Sovereign governments worldwide are set to borrow $12.6-trillion from commercial debt sources this year, a report by ratings agency Standard & Poor’s (S&Ps) Global Ratings shows.
S&P Global Ratings’ yearly survey of global sovereign debt and borrowing compiles data pertaining to all 135 rated sovereigns.
While not indicative of a credit ratings action, S&P Global Ratings credit analyst Karen Vartapetov says the borrowings performance is one-fifth lower than in 2020, but still 50% higher than the pre-Covid-19 multiyear average.
Although the sovereign borrowing that took place in 2020 was unprecedented, the fiscal fallout has harmed ratings mainly on sovereigns with limited space to cushion the impact of the crisis, states S&P Global Ratings.
In addition, as the pandemic keeps economies under tight lockdowns, delaying the recovery, the additional effort by governments to sustain the world economy will continue to erode fiscal buffers, the agency suggests.
This could put downward pressure on a wider group of sovereign ratings this year and beyond.
Vartapetov says the adverse effects of the Covid-19 pandemic and the corresponding fiscal policy responses prompted an unprecedented rise in government financing needs in 2020. “As a result, in gross terms, rated sovereigns borrowed a historically high $16.3-trillion in 2020.”
This was almost twice the amount they had planned to issue before the crisis.
Further, S&P Global Ratings’ report finds that the additional financial cost to governments globally in 2020 and 2021 to support their economies through the pandemic will likely reach $10.9-trillion. This will bring the total stock of commercial debt to a record of $67.5-trillion, or 75.1% of gross domestic product, by year-end.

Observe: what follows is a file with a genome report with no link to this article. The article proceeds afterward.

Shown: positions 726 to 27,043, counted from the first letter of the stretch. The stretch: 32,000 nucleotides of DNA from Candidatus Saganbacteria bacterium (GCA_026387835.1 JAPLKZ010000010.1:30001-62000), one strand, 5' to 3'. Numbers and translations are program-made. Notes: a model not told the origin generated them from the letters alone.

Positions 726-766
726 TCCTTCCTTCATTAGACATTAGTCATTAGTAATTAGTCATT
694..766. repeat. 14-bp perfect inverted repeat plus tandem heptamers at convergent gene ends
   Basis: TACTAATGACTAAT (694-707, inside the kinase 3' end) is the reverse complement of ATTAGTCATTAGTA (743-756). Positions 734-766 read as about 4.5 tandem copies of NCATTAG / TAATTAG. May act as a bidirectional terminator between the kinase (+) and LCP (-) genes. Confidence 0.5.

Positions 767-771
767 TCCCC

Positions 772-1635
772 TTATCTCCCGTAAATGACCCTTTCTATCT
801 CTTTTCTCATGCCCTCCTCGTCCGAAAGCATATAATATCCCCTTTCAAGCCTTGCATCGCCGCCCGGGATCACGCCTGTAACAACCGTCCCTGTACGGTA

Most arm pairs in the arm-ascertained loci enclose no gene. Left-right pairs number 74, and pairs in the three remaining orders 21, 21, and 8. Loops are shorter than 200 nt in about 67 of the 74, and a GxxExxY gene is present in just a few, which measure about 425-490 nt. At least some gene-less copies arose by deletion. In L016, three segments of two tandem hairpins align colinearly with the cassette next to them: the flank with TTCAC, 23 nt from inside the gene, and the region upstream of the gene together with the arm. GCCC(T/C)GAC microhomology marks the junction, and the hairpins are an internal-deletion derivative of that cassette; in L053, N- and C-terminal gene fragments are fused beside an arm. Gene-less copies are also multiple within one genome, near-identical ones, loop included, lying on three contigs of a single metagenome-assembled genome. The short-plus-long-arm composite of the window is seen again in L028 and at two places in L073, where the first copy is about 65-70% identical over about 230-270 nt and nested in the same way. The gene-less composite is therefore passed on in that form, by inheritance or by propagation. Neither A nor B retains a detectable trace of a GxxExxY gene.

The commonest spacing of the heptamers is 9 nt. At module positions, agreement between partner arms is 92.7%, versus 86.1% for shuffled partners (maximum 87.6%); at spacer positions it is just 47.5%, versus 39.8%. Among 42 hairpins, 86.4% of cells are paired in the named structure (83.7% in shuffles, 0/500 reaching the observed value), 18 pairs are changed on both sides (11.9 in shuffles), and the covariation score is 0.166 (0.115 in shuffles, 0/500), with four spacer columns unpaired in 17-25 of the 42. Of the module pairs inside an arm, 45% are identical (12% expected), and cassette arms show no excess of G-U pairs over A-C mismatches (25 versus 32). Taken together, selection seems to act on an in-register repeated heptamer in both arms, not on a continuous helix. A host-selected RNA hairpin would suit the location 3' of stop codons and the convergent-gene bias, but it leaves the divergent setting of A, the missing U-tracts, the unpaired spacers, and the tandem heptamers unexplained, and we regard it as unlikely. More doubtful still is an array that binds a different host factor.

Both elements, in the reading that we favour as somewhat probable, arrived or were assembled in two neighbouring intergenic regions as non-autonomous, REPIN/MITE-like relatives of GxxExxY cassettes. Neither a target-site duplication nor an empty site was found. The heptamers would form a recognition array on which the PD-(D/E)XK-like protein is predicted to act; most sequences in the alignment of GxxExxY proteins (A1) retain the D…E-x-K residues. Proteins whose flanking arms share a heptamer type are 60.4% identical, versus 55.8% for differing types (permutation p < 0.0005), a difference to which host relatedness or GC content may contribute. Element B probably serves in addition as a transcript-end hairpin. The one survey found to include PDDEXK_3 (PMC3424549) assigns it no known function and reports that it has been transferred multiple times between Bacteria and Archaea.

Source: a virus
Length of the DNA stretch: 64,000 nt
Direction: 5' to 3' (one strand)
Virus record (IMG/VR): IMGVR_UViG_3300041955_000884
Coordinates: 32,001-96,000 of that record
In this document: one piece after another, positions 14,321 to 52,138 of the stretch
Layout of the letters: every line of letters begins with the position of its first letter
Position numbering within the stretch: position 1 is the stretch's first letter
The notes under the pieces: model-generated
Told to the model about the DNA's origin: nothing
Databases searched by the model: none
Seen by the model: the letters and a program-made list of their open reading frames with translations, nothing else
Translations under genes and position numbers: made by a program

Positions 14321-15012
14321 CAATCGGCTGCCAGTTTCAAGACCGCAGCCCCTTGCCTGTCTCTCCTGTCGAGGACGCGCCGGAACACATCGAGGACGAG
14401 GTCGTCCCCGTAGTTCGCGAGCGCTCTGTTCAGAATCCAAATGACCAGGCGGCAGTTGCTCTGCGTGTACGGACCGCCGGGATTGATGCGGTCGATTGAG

Countries part of inter-governmental organisation Group of Seven sovereigns and China are the biggest issuers of debt. In 2020, S&P Global Ratings found that this group issued 85% of additional debt, on top of their pre-Covid-19 plans, while the US alone accounted for 46.4%.
Further, the report also determines that unprecedented monetary stimulus enabled advanced and several emerging market economies to borrow more in 2020, while still maintaining relatively stable interest burdens.
“Governments will have to overcome political and economic risks to begin stabilising public finances as the world rolls out vaccines and starts recovering from the pandemic,” says Vartapetov.
He adds that failure to do so will put downward pressures on sovereign ratings.